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Description: You might have an old SMPS laying around. But you dont need it anymore so what can you do with it? Well let's take it apart... salvage some important components from it.

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Background music: Killing time, Kevin MaCLeod,
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Tags: smps electronic components

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  1. Date: June 27, 2017 at 09:27
    Author: KryptoKnight

    bhai video toh bahot informative thi <3 but try to upload in other quality or format, I get only two options, 720p and 360p 🙁 I wanted 480p tho lol, anyways great video bro :3

  2. Date: June 30, 2017 at 19:04
    Author: Black Widow

    Hey man great video I love it
    I subscribed can you subscribe to my channel it would mean the world to me

  3. Date: July 12, 2017 at 16:06

    It's worth mentioning, this is a PWM SMPS circuit. If you want a bench power supply you should modify a peak mode controller type. Peak mode controllers are more common to laptop/printer power supplies and phone chargers.
    A couple of other friendly points to note from a fellow hobbyist. That circuit should have had at least one voltage reference. They are usually TL431's. The best are TL431B's @0.5% and TL431A's @1% accuracy. These are usually in a TO-92 Transistor package. These are super handy devices to learn to use effectively.
    The diodes in the TO-220 package that look like transistors are high speed versions needed for SMPS.
    Most ATX supply hacks fail because of 2 reasons. One, they are designed for a specific type of load. The main rail must have more current drawn from it. The feedback circuit references are only done on a single power rail. The other output rails are only regulated through their turns ratio relationship to the main rail, and the controller has no direct relationship to them. These extra rails must drag down the main rail through indirect coupling in order for the controller to "see" and compensate for it. This is why their voltages seem to vary depending on the load applied, where as the main rail appears to be better regulated under load.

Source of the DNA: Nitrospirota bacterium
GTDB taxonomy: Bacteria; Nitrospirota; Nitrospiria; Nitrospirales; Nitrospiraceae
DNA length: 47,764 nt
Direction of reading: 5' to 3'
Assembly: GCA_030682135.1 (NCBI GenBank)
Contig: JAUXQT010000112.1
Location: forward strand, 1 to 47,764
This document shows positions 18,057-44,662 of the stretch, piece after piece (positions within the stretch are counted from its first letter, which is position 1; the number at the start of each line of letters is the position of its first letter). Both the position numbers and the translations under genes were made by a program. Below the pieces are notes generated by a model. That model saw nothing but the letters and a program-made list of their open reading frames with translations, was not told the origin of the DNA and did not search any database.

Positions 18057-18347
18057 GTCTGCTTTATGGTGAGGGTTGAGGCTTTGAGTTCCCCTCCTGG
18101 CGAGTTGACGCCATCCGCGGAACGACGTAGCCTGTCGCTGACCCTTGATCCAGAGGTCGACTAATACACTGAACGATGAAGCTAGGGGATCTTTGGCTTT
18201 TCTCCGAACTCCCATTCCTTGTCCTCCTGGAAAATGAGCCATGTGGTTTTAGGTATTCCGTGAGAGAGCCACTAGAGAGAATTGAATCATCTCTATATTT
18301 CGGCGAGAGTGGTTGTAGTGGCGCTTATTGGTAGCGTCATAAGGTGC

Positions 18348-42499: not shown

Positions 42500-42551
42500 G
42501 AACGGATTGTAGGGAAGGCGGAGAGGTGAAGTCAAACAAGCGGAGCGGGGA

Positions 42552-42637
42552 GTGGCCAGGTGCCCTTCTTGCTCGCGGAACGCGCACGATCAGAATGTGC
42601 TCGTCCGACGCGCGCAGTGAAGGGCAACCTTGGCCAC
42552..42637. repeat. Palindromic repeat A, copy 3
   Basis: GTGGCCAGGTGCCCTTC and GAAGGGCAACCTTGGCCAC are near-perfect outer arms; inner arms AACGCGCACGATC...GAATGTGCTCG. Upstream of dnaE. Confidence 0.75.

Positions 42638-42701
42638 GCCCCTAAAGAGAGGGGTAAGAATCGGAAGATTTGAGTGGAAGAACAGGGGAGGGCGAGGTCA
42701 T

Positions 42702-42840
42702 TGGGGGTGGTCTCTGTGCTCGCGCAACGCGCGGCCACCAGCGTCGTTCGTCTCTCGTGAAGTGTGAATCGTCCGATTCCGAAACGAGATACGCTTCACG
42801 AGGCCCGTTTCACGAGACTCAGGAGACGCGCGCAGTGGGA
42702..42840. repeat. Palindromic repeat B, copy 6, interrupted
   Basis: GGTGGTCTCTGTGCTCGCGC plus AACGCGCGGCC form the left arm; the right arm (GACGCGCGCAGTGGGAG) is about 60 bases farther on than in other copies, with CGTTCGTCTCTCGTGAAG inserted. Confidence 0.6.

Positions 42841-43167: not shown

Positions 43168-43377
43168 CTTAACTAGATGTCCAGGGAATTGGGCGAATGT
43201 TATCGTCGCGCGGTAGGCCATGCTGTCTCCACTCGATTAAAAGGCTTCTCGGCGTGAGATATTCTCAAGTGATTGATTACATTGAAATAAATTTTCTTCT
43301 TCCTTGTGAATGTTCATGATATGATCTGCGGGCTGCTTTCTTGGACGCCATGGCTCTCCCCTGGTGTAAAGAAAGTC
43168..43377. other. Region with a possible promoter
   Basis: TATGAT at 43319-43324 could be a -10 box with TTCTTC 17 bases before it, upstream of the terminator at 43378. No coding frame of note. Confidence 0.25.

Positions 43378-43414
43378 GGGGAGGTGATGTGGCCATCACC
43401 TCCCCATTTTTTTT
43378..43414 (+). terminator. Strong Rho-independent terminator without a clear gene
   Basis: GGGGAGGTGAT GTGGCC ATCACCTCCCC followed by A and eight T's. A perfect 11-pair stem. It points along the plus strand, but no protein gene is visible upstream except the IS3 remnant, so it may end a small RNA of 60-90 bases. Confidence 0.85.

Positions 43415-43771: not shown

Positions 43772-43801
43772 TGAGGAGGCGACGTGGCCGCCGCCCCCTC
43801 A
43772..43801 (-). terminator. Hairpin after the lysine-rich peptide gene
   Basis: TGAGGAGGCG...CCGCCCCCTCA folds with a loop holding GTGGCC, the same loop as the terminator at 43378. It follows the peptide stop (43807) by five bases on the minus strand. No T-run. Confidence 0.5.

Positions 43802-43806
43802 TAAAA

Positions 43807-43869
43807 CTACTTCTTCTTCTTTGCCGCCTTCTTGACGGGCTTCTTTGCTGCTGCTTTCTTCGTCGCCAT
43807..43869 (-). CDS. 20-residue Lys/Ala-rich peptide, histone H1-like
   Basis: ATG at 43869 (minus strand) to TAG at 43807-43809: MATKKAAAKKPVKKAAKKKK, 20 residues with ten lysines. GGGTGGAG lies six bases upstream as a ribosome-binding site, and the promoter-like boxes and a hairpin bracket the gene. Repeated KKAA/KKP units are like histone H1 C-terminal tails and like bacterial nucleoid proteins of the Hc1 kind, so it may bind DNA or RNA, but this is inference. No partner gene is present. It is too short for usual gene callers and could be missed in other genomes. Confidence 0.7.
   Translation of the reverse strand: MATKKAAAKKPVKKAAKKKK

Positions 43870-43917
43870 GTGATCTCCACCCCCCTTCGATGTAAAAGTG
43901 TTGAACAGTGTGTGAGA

The second reason ATX supplies fail is because these are PWM controllers. Peak mode controllers basically take a triangle wave and increase or decrease the slope of the waveform. This topology only requires one comparator on the chip. PWM controllers are the heavyweight contender that takes SMPS to a whole new level. It's capable of doing a lot of different things because it has 2 independent comparators that can add all kinds of functionality. For the hobbyist the ideal use of PWM is to design your own SMPS with Voltage and Current control. One comparator is used to sense voltage and one to sense current. These 2 comparators are why mods like what Jeremy did on his Great Scott! channel fail. You must understand how both comparator circuits are designed before trying to mod them. If only one is modified it will create problems.
    Lastly, if you have a working ATX supply or really anything you want to upcycle parts from (and your comfortable with working on AC mains circuits), you should power it up and explore what is happening on the PCB before parting it out. You can either create an isolation transformer by using 2 identical transformers back to back in series or put an incandescent light bulb in series with your hot wire of your AC mains line. Both of these cheap tools create a current limit that will prevent massive short circuits that relay on the mains circuit breaker/fuse.
    Early on I neglected exploring a lot of devices before parting them out. This makes a lot of headaches later after you learn how to play with some new part of the circuit. Nowadays, I usually note voltages everywhere on the PCB before taking things apart. Transformers are particularly difficult to figure out once the board is partially disassembled. If you note the voltages of each pin of the transformer along with where it's coming from/going to, you will be able to figure out a lot of the circuit later. If you have a meter that can measure frequency or the circuit is isolated and you can use a scope to measure the frequency, the transformers become extremely valuable for future use. I usually write all this on the PCB/transformer with a permanent marker. If you have the voltage, current, and frequency of the transformer output you can reverse the equations and figure out how to add them into a future project. That's just a bit of what I've learned/am learning while exploring SMPS in depth. I let myself get side tracked exploring a component tester in extreme depth, but that's really just a tool I need for exploring SMPS controllers further in the near future.
    Best of luck from your newest Sub, -Jake 😉

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